California Tenants’ Rights Lawyer on Security Deposits

We’ve always had a fondness for the underdog. Perhaps this is part of the reason we are so committed to helping Northern California tenants, people who often feel like they are at the mercy of landlord. Often, relocating as a renter is a challenge because landlords, understandably, require a security deposit. Tenants who take care of their unit should be able to get this money back, money many rely on when planning their relocation. When this does not occur, our Santa Rosa security deposit lawyer can help.

Giants’ Pitcher Awarded $100,000 in Dispute with Former Landlord
A report in The Press Democrat serves as a reminder that even celebrity tenants can have landlord problems. For those unfamiliar with him, Tim Lincecum is a pitcher with the San Francisco Giants who has earned two Cy Young awards, been part of two World Series wins, and was once ranked among the world’s greatest pitchers. In addition to the battles on the baseball diamond, Lincecum has been embroiled in a dispute with his former San Francisco landlord since 2010. The dispute ended last month with a settlement awarding Lincecum $100,000.

In October 2011, Mindy Friele filed suit claiming the pitcher stole items from a rented townhome in San Francisco’s Mission District, destroyed other objects, and generally left the unit a wreck. Lincecum said the claims were false and filed a counterclaim asking her to account for his security deposit pursuant to California law. Representatives for the pitcher said that the settlement agreement in Lincecum’s favor is proof that the initial claims were baseless. Lincecum called the initial action an attempt to take advantage of his public profile, noting Friele wrongfully withheld his deposit in addition to filing the unsubstantiated damage claims.

California Security Deposit Law
The Department of Consumer Affairs suggests that disputes over security deposits after the lease is over are the most common type of disagreements between landlords and tenants. As the Department details on a Refunds of Security Deposits page http://www.dca.ca.gov/publications/landlordbook/sec-deposit.shtml, there is very specific law on this issue (Civil Code Section 1950.5).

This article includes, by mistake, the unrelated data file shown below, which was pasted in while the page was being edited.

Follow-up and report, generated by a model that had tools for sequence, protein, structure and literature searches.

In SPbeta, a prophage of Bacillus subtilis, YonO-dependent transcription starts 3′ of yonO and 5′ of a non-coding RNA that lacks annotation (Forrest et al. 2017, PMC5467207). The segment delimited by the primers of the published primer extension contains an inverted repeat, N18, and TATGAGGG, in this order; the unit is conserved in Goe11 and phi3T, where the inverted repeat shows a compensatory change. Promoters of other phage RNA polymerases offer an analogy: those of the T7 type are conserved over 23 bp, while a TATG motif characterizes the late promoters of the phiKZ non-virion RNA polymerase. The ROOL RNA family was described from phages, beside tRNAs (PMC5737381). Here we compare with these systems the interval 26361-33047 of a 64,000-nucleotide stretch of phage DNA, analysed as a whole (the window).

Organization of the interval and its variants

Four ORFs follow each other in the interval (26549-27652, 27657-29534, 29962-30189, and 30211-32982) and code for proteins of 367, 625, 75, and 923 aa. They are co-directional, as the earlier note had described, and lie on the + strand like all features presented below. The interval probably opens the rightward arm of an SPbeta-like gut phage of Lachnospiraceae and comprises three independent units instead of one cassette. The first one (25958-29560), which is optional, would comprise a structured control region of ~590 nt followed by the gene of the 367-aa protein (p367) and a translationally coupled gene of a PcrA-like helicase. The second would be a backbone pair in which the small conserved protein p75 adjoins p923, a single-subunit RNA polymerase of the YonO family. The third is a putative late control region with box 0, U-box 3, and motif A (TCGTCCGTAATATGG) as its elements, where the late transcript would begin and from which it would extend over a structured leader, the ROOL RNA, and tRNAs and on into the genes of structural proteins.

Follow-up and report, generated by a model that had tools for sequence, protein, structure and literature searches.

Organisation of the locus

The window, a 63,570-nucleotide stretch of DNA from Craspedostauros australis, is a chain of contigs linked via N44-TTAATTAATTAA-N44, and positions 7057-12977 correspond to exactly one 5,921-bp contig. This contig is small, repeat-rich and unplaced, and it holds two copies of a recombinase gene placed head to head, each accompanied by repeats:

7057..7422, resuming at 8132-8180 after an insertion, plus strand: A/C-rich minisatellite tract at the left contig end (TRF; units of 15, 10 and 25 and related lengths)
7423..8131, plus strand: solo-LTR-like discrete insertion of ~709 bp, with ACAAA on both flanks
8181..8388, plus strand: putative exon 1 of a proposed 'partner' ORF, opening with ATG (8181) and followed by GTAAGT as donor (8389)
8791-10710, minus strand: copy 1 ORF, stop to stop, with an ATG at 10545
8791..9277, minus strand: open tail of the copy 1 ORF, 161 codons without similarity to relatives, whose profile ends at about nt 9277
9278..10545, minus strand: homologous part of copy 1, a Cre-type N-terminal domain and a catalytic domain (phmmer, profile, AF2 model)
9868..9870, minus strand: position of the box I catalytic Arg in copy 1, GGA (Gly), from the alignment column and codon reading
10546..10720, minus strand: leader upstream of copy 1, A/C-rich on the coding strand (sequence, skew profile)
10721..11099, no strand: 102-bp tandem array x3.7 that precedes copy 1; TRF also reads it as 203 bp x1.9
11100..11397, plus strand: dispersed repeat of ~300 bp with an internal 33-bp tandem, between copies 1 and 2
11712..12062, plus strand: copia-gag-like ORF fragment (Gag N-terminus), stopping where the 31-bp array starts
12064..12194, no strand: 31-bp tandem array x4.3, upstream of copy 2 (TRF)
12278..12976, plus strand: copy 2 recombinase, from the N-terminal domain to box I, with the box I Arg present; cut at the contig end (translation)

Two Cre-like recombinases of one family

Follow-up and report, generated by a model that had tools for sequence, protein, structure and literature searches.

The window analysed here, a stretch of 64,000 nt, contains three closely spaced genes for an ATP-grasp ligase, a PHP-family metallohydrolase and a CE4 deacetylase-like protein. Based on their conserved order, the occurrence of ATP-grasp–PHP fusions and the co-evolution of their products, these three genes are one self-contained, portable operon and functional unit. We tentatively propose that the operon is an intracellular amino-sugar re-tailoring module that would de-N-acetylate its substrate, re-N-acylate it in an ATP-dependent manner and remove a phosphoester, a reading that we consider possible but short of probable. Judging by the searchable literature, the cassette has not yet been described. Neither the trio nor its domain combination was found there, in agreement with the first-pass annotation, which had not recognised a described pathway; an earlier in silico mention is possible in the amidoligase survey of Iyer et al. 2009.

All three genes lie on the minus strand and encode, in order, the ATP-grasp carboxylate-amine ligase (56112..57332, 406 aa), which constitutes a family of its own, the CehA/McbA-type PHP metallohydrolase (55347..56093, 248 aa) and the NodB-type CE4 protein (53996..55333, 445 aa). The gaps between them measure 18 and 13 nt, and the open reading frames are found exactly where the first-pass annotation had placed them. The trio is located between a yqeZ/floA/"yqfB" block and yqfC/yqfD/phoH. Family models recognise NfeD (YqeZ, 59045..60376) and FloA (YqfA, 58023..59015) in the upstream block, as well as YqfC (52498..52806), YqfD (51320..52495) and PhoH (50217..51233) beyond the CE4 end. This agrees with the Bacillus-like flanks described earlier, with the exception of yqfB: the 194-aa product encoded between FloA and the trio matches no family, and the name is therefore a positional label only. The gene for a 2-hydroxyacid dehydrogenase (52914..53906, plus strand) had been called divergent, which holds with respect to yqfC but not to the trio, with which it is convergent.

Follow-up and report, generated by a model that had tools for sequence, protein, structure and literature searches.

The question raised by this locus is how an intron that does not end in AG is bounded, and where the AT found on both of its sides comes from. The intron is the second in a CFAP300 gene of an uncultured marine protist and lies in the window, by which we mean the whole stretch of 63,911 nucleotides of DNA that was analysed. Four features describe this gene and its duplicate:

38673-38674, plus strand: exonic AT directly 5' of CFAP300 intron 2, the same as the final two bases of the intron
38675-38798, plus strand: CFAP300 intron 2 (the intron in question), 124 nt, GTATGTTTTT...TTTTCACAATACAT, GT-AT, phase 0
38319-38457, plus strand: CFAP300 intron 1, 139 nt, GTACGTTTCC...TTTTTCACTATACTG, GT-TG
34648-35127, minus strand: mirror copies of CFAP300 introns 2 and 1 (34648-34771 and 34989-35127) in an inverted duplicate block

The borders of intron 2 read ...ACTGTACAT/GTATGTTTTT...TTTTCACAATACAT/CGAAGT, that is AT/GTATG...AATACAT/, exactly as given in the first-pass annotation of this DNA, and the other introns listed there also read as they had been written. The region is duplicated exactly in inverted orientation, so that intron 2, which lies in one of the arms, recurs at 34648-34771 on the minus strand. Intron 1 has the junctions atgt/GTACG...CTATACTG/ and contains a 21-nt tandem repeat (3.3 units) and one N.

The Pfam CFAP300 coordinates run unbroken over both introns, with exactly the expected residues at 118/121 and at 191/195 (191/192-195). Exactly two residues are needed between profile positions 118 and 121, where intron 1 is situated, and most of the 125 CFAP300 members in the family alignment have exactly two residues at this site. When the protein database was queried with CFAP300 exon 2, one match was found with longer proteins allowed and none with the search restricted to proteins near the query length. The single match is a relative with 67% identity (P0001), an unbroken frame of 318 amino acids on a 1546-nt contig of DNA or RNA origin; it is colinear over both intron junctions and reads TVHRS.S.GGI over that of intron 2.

– Reasons a Landlord May Retain a Security Deposit
lease.jpgTo start, California law permits landlords to use a security deposit for four, and only four reasons: 1) To cover unpaid rent; 2) To clean the unit when the tenant leaves, though only to bring it to the equivalent level of cleanliness as when the tenant moved in; 3) To repair damages beyond regular wear and tear caused by the tenants or their guests; or 4) If the agreement permits it, to restore/replace furniture, other furnishings, keys, or other personal property for damage beyond normal wear and tear. The landlord may only retain amounts reasonably necessary for one of the above purposes and may not use the deposit for repairs to pre-existing defects, for normal wear and tear, or to clean a unit beyond the state it was at the start of the tenancy. Leases many not provide that a security deposit is ‘non-refundable.’

– Accounting Requirements
When a tenant moves out, the landlord has up to 21 days to fully refund the security deposit or provide an itemized statement listing the amounts deducted and the reasons for the deductions, along with any remaining portion of the deposit. If the amount withheld is over $126, the statement must be accompanied by appropriate receipts (details vary by who did the work and whether it has been done or is a good faith estimate). A tenant can waive the right to receive this documentation. However, even if the amount is under $126 or the tenant has waived the right to invoices, receipts, or estimates, the itemized statement must still be provided.

– Tenant’s Right to Sue for Return of Security Deposit; Damages for Bad Faith
If you do not receive your security deposit or a proper accounting within 21 days, you have the right to sue. If a court finds bad faith, they can award the actual monetary damages incurred plus two times the amount of the deposit. For further information, call our San Francisco security deposit law firm or reach us at any of our other offices in Santa Rosa, San Jose, or Oakland.

See Related Blog Posts:
What Does “Habitability” Mean in California?
California Tenant’s Law Firm on the Importance of a Written Lease
(Photo by NobMouse)